The Ethics of Book Abuse

"Every reader has a personal ethic for how to treat a book, a morality for what can and can’t be done to the physical object."  Is dog-earing a page a violation of the sanctity of the volume, or an easy way to hold your place?  What about highlighting key passages, or writing notes in the margins?  Or even (gasp!) throwing out an old book you don’t want anymore?

Here is the link.  I do not believe that books have rights, Nozickian or otherwise.  I am most likely to rip up travel books if only to minimize my carry burden.  But I don’t write in books because I wish to discover new ideas — and not just my old ideas — each time I open them up.  Dog-earing pages is useful because you can go back to old books and see how far in them you read and then decide you really shouldn’t give it another chance after all.

Here is a story about book left behind in hotel rooms, including a list of the top 10 most abandoned titles (UK).


All of the above, with one's own books: perfectly ok, however uncomfortable at first. Students who pencil their pathetic opinions in the margins of library books, however, should die.

we rip our travel books to shreds. we dog ear pages in all our books like there's no tomorrow. we leave books we have both finished behind for whoever finds them and wants them. we have had hotel employees running after our cab as we head to the airport trying to give us back the books we "forgot" in Morocco, South Africa, Italy, and Thailand. I have taken to leaving them in the fridge if there is one in the room in order to make a clean break.

I'm against mutilating books, and will never write or highlight or dog-ear books I'm reading. I realise this is pretty irrational, it's a superstition I absorbed as a child along with valuing knowledge, a hold-over from a few generations ago when the problem was scarcity of information, not surplus.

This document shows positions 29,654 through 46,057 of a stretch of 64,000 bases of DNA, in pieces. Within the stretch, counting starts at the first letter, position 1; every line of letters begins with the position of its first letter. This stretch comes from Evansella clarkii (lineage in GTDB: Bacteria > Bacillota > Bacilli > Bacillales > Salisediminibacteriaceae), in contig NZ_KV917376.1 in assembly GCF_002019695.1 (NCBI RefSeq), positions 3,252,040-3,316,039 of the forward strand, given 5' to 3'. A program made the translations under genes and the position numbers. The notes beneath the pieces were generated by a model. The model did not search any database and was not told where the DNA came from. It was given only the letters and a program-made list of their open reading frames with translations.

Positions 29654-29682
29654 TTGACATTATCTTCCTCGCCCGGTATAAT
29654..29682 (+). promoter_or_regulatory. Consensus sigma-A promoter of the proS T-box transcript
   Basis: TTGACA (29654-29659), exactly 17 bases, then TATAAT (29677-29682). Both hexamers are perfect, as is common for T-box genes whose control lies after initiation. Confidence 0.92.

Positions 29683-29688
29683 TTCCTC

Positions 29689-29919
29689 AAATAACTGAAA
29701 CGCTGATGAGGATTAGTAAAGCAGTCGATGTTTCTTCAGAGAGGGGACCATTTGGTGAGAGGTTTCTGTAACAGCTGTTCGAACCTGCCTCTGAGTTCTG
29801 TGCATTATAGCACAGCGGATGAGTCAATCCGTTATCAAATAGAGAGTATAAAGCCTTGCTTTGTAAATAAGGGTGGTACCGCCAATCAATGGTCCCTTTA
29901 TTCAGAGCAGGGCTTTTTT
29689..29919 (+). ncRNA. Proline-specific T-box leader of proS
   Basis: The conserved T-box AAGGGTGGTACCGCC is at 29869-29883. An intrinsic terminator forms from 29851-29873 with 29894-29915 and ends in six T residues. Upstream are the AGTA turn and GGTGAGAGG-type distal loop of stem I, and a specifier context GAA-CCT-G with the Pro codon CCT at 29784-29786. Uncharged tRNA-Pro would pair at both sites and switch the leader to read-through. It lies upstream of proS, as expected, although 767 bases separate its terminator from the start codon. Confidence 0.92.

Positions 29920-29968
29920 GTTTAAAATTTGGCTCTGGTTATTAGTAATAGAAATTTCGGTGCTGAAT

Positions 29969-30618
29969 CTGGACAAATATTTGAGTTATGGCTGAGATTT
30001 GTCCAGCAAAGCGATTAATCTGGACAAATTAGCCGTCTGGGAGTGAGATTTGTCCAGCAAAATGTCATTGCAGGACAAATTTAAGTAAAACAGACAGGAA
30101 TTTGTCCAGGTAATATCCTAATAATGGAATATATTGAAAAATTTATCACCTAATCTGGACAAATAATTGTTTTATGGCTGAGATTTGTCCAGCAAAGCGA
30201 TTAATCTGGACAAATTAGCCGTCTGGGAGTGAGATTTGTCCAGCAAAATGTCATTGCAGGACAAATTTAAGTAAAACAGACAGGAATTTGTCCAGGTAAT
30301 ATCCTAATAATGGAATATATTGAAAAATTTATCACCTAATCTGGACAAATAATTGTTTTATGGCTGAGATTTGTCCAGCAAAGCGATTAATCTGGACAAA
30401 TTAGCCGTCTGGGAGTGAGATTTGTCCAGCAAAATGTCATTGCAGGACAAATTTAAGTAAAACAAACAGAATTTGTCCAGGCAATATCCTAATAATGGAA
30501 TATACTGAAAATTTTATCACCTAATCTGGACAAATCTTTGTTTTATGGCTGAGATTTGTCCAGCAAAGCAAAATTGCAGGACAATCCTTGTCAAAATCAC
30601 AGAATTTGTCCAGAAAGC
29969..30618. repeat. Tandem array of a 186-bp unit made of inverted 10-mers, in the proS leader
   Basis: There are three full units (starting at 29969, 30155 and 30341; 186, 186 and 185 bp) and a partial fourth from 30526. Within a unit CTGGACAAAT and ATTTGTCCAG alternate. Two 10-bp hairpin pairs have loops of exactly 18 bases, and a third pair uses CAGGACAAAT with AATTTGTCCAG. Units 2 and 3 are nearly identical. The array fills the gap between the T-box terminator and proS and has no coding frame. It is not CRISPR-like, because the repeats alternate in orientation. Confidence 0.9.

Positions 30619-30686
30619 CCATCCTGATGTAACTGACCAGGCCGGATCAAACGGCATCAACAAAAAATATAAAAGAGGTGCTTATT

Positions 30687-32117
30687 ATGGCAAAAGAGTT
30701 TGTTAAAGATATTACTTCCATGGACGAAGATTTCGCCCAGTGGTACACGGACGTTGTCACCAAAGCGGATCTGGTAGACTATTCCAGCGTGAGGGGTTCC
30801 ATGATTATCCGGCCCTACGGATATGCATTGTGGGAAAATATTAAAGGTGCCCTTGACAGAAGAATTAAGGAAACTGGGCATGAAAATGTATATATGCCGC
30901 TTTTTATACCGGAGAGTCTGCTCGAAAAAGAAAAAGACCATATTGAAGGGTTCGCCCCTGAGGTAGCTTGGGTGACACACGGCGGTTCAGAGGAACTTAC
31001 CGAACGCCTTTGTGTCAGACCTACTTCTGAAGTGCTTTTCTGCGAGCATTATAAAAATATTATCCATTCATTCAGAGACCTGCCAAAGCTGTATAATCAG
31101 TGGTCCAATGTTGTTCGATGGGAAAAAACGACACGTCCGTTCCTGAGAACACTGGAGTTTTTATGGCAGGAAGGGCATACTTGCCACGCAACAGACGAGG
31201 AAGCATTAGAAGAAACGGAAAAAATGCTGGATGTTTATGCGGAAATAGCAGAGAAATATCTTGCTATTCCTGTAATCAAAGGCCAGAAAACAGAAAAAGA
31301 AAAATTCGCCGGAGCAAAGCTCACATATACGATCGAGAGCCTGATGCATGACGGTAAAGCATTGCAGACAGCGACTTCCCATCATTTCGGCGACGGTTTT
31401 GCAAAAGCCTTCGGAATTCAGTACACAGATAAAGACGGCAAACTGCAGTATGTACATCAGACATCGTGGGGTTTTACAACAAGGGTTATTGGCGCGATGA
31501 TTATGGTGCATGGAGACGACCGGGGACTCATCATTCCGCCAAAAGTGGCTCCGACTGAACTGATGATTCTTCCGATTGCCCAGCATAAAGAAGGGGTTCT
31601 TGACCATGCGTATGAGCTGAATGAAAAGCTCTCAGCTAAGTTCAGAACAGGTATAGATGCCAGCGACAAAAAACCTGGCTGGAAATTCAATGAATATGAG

I find it hard to break this rule even for travel books, bought for one trip. Free guides & maps, and newspapers, and things printed out from the computer all get scribbles on and torn up with glee.

I blogged about dog earing books not too long ago:

I do think there is a relationship between writer and reader, but the physical condition of the book is not part of that relationship. The work existed in other forms besides bound book, after all.

I used to care about the state of books until my stint as a librarian, at which point I adopted a philosophy more along the lines that the contents of the book were what mattered, and as long as the book remained in a state fit to be read, perfect uncreased pages didn't really matter. I still hate people who damage spines when they're reading, mostly because that tends to reduce the life of the book.

You mean you don't keep books around just to impress people?

My small used bookstore buys and sells 90,000 or so books each year. I wish we had kept track through the years of the items people use to mark their books. I'm not sure if the books we've been offered are representative of those owned by the population, but here's a few observations:

- less than 5% of books have dog-eared corners, and most of those are mass-market paperbacks;

- airline ticket stubs were once the most common form of bookmark;

- items with personal information, such as credit card receipts, are left in books way more often than I would have guessed;

- about every other year we find a photo of an unbeautiful woman, partially clothed and perched atop a Harley-Davidson (not the same woman each time, of course).

It might be fun for my employees to record the types of bookmarks they find over the next few months. My customers would find that interesting.

I was listening to the radio and heard that in prison libraries it is common for people to underline the murderer's name in mysteries in the beginning pages, effectively ruining the book.

Above all else, I find myself wondering how I can avoid the sorts of books that would house the kind of photo described by John Dewey.

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